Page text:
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Blue moon shines around the world

Bill Ingalls / NASA

NASA photographer Bill Ingalls, who was in Cincinnati to take pictures during Apollo 11 moonwalker Neil Armstrong's family memorial ceremony on Aug. 31, snapped this picture of the "blue moon" hanging over the Queen City's skyline. See some of Ingalls' pictures from the memorial ceremony.

Tonight's blue moon may not be as rare as it sounds, but it's still special — as is every glorious full moon, whichever color you use to describe it.

Actually, the term "blue moon" is something of a misnomer. There's no reason for the full moon to be any bluer than usual (though it's certainly possible for the moon to take on a blue tinge). Instead, it has to do with the extra occurrence of a full moon in a given calendar cycle.

Various cultures have used different terms to describe that extra lunar cycle — Adhik Maas for Hindus, or an extra month of Adar for the Jewish calendar. The Maine Farmers' Almanac used the term "blue moon" to describe an extra moon in a particular quarter of the year.

Then, in 1946, an amateur astronomer named James Hugh Pruett wrote about the phenomenon for Sky & Telescope magazine, in the context of the old saying that a rare occurrence happened only "once in a blue moon."

Only problem was, he got it wrong.

Pruett described the blue-moon phenomenon as the second full moon in a calendar month. Sky & Telescope stuck with that, and the definition has been used (and hotly debated) ever since. If you go along with the definition, then tonight's full moon is blue due to the fact that it follows a full moon on the night of Aug. 1.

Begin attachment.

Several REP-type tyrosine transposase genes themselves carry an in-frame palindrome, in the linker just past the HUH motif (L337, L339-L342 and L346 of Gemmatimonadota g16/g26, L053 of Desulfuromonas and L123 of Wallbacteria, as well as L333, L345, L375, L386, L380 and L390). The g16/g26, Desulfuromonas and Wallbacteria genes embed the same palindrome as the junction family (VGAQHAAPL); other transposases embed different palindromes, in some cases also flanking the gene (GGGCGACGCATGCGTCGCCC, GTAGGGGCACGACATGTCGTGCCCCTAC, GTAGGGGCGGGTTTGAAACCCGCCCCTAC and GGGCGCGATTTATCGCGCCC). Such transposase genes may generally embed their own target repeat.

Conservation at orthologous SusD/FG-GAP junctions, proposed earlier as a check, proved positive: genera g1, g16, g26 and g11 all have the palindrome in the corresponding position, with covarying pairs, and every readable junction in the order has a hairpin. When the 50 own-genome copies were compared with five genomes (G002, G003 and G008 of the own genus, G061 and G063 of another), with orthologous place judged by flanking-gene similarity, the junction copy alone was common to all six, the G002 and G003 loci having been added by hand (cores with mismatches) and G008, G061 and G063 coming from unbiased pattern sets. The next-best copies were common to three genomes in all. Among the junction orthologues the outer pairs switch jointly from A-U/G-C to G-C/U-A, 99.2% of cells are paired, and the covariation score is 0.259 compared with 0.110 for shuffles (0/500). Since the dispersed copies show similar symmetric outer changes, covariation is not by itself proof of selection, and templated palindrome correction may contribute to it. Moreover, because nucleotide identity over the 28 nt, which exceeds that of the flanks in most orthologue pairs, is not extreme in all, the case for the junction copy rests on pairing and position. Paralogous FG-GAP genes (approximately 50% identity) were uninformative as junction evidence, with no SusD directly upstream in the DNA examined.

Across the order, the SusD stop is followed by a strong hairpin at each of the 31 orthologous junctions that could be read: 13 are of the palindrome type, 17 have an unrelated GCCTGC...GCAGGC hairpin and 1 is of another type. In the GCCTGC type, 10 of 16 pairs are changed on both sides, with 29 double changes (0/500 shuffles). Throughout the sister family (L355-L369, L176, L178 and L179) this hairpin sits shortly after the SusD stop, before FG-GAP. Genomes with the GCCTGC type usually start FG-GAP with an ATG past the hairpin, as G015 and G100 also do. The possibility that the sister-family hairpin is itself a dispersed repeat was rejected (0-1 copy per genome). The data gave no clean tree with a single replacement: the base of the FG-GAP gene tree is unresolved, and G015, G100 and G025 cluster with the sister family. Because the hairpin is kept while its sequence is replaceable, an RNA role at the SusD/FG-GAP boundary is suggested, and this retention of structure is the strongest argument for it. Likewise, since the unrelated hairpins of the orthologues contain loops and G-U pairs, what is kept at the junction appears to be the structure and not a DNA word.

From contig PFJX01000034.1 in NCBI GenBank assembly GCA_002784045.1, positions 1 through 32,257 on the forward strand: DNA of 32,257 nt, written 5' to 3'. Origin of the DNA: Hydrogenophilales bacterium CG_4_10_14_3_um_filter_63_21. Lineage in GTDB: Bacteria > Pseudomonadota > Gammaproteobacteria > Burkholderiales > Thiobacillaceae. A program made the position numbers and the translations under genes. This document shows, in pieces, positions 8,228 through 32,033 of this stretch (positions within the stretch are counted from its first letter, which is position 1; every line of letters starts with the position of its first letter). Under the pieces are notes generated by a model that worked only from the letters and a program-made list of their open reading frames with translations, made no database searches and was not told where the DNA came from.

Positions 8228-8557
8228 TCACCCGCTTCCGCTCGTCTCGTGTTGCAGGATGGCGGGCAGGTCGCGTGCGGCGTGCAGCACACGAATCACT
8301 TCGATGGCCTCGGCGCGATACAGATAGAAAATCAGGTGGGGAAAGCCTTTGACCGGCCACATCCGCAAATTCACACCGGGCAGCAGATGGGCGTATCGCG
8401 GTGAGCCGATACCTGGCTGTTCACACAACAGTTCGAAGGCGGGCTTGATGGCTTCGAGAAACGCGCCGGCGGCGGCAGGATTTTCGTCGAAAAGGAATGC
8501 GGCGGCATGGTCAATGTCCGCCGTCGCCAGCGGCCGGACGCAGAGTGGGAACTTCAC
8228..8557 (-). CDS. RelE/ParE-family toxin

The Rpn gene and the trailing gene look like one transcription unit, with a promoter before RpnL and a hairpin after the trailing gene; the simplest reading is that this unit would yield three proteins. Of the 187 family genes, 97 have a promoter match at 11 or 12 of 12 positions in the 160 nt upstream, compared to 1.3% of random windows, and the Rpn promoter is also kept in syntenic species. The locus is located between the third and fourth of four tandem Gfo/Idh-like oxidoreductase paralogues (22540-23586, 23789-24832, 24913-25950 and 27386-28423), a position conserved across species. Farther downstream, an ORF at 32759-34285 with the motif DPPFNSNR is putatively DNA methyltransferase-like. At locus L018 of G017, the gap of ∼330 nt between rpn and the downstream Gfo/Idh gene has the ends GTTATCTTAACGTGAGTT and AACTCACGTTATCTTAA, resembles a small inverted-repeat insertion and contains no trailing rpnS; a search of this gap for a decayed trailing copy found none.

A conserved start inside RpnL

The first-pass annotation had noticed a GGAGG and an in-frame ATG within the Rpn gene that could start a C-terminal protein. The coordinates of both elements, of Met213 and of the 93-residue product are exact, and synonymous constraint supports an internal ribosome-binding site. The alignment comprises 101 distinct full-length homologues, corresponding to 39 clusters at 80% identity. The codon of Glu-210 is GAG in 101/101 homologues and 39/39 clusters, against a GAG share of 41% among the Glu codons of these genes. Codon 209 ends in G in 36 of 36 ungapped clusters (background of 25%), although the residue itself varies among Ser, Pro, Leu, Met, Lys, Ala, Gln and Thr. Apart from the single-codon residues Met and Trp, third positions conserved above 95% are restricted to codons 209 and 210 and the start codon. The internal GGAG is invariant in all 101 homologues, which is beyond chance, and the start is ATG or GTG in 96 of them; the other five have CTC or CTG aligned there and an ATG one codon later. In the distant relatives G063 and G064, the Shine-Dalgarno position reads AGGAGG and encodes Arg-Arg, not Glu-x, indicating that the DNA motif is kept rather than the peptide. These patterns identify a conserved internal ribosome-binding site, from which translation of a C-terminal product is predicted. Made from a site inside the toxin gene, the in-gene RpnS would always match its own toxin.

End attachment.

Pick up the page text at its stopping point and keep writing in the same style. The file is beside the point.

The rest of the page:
There's another long-debated issue surrounding blue moons: You could argue that they happen way too often to be considered as rare as a "blue moon" in the proverbial sense. The interplay of the lunar and solar calendars dictates that a blue moon should occur, on average, every 2.7 years.

Astrophysicist Neil deGrasse Tyson summed up the issue a couple of days ago in a Twitter update: "A month's second full moon is the blue moon. Not rare. More frequent than presidential elections, yet nobody calls them rare."

Technically speaking, the moon is already a few hours past its full phase — but it's still well worth taking note of, and not just because it's the last blue moon until July 31, 2015. It provides a fitting opportunity to pay tribute to history's first moonwalker, Neil Armstrong, who passed away last weekend. In fact, Armstrong's family is urging you to look at the moon in Neil's honor.

"The next time you walk outside on a clear night and see the moon smiling down at you, think of Neil Armstrong and give him a wink," the family said.

Photographers around the world have already been getting great moon shots. Here's a sampling of the "blue moon" views:

Biswaranjan Rout / AP

A boy rides his bicycle over a stretch of sand on the outskirts of the eastern Indian city of Bhubaneswar as the "blue moon" shines above in Aug. 31.

Muhammad Hamed / Reuters

A full moon shines over Amman, the capital of Jordan, on Aug. 31.

Robert Atanasovski / AFP - Getty Images

A full moon is seen behind tree branches in the Macedonian city of Skopje on Aug. 31. According to NASA, this is the second time in August that a full moon has been seen. The first was on the night of Aug. 1-2. This phenomenon is referred to as a "blue moon."